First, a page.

The Daily

Fiction

Selections from Graveyard of Bitter Oranges: The Dead Children

December 30, 2013 | by

Sleepwalker-Anthony-Cudahy-Paris-Review

Art credit Anthony Cudahy.

This week, we will be running a series of excerpts from Josef Winkler’s Graveyard of Bitter Oranges. Inspired by the author’s stay in Italy after leaving his native Carinthia, the novel was first published in 1990 by Suhrkamp Verlag and its English translation will be published by Contra Mundum Press in 2015.

In the wine cellar, the ash from the volcano disgorged the wine from the bottles and barrels and filled them back to the brim. In the tombs, it displaced the ashes of the dead, settling down their place. The mouth, eye sockets, and skulls were filled by the rain of ashes from the volcano. A stream of lava, fifty meters wide and two meters deep, descended the slope of Mount Etna at seventy meters per minute. The lava flooded the stone houses as well, where pious images were hung, and flowed over the black crosses on the roadsides commemorating murders that had taken place. At night, the ash fell over the neighboring villages and the next day, the air was dull brown. Monks wore on their breasts the image of an erupting volcano, and stopped before each window, waiting until they’d received alms for the homeless. Boys ran through the shadowy side streets with lanterns on sticks, looking for cigarette butts that smelled of the fires of Purgatory. Street urchins hurled oranges and lemons at a train covered in with a film of hot ashes. Peasants leaned sacred images against the still-undamaged trees to stanch the searing flow of the lava. A tourist led an ass to the summit of Mount Etna to hurl it into the lava’s dreadful deluge. As it fell, the animal let out horrible cries before it burst into flames and blackened like a thicket of broom. The tour guide cooked the tourists fresh hen eggs in the scorching cinders from the volcano. English tourists pressed coins bearing the head of the queen into the hot lava, cleaned off the bits of lava that clung to the molten matter, and took them back home as souvenirs. Read More »

1 COMMENT

Bones

October 9, 2013 | by

antique_anatomy_illustration__human_ribcages_circa_1911_sjpg3245

You discover one day—while everyone else is doing whatever it is that makes them happy—that you can almost pop one of the bones in your hand right out of the skin. It’s awesome. First, you practice in secret, when you’re bored or exasperated by school. But one day, you are practicing out in the open when someone notices the little bit of white sticking out, and they say, Wow, how cool, and they ask you to do it again. Look at this guy, they say—when formerly you were ignored or marginalized or made to feel you were odd or would at any rate never to amount to much—and it occurs to you: maybe you’re on to something.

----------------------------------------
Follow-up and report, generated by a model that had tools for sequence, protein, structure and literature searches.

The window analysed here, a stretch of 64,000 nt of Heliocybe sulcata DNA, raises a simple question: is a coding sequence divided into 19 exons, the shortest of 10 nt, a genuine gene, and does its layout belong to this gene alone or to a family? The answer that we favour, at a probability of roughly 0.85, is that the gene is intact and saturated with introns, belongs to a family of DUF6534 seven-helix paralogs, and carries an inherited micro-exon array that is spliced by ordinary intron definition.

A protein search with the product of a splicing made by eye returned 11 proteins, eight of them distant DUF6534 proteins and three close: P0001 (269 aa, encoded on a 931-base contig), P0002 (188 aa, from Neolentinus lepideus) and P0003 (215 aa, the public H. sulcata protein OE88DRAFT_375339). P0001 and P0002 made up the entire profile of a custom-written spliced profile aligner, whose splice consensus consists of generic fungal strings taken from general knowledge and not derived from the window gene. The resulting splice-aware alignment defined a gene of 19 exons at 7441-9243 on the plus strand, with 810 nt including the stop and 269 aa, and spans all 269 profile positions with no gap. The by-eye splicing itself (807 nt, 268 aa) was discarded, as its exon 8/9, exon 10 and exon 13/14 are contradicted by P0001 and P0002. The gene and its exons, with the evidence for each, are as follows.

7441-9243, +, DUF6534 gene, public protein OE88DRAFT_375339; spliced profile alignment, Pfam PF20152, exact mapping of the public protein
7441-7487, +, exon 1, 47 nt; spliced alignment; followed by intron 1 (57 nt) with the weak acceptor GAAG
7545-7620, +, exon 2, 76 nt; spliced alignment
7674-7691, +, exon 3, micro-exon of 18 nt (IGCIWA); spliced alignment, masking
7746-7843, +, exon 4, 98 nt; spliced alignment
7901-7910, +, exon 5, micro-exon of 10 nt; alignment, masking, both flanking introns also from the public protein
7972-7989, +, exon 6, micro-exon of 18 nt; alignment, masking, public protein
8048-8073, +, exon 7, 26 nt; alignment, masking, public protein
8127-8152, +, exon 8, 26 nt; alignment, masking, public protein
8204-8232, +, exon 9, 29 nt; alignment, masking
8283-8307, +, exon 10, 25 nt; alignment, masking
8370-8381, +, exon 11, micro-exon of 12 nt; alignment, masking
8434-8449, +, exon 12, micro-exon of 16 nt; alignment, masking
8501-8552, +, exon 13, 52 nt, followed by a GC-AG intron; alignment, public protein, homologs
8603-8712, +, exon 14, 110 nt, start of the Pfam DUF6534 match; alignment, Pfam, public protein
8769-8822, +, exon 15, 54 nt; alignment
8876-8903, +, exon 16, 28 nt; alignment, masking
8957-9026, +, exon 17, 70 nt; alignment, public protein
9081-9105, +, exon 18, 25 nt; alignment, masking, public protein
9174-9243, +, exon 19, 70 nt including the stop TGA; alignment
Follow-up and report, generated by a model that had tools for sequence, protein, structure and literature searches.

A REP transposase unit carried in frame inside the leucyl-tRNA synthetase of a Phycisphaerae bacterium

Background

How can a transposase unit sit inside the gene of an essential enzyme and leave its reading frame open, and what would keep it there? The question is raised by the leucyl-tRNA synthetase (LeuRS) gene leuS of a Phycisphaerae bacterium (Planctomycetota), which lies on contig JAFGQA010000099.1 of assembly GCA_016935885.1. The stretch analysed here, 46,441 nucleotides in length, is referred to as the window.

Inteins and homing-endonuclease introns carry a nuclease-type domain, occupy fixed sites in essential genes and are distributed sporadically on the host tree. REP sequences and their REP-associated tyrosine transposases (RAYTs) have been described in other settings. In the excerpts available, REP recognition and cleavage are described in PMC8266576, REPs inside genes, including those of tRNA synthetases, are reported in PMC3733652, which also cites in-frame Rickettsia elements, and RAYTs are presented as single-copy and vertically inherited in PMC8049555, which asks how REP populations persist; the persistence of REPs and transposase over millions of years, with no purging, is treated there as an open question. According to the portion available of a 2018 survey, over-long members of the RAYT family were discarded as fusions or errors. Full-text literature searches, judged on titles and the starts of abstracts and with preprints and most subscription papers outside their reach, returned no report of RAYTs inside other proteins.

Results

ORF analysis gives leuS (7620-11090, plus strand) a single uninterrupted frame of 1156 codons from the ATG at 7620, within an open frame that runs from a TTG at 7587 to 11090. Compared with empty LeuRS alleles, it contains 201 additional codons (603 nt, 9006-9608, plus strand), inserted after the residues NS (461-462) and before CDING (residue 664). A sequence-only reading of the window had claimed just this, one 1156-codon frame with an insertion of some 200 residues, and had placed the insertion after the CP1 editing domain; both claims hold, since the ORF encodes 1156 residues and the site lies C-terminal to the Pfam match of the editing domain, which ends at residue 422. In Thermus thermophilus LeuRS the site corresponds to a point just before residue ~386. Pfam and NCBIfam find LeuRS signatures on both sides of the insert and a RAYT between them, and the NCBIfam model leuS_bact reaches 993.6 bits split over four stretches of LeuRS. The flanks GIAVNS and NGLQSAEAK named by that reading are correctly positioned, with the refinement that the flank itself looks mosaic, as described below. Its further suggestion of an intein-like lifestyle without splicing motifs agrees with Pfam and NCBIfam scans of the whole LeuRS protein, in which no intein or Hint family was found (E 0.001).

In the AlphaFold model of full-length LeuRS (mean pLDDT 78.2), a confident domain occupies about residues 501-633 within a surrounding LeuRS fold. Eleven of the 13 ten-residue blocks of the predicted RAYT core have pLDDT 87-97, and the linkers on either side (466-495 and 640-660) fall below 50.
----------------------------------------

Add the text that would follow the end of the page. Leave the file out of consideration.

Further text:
You get good at it, the bone popping, and in college you realize there’s a whole department devoted to the study of it: how they did it in the old days, how it became different when the boats came to North America. Yet, on the musty college campus, everything seems safe and no one’s trying hard enough. In fact, it’s difficult to find anyone doing a good or brave job of bone popping.

Eventually, you find places in the big city—loft buildings, various dark cafés—where people gather. Most can pop one or two hand bones, but a few can do their whole arm bone or an entire leg. Some of these people are actually making a living doing this. They get contracts to spend years on one big bone popping. Some win awards, or fellowships. But no matter how good you get, one old timer says, never remove your heart. Then you’re dead.

So you practice, getting good, refining your technique. Read More »

4 COMMENTS

3 Stories of God: 79, 80, and 93

June 7, 2013 | by

Cave-of-Despair

Benjamin West, The Cave of Despair, 1772.

This week, we will be running a series of pieces from Joy Williams’s 99 Stories of God. First published in The Paris Review in 1968, Joy Williams has since appeared in our pages many times. 99 Stories of God is her first book of fiction in nearly a decade and was written, she has said, partly in an attempt to imitate the inimitable Thomas Bernhard, that “cranky genius of Austrian literature,” and his The Voice Imitator: 104 Stories.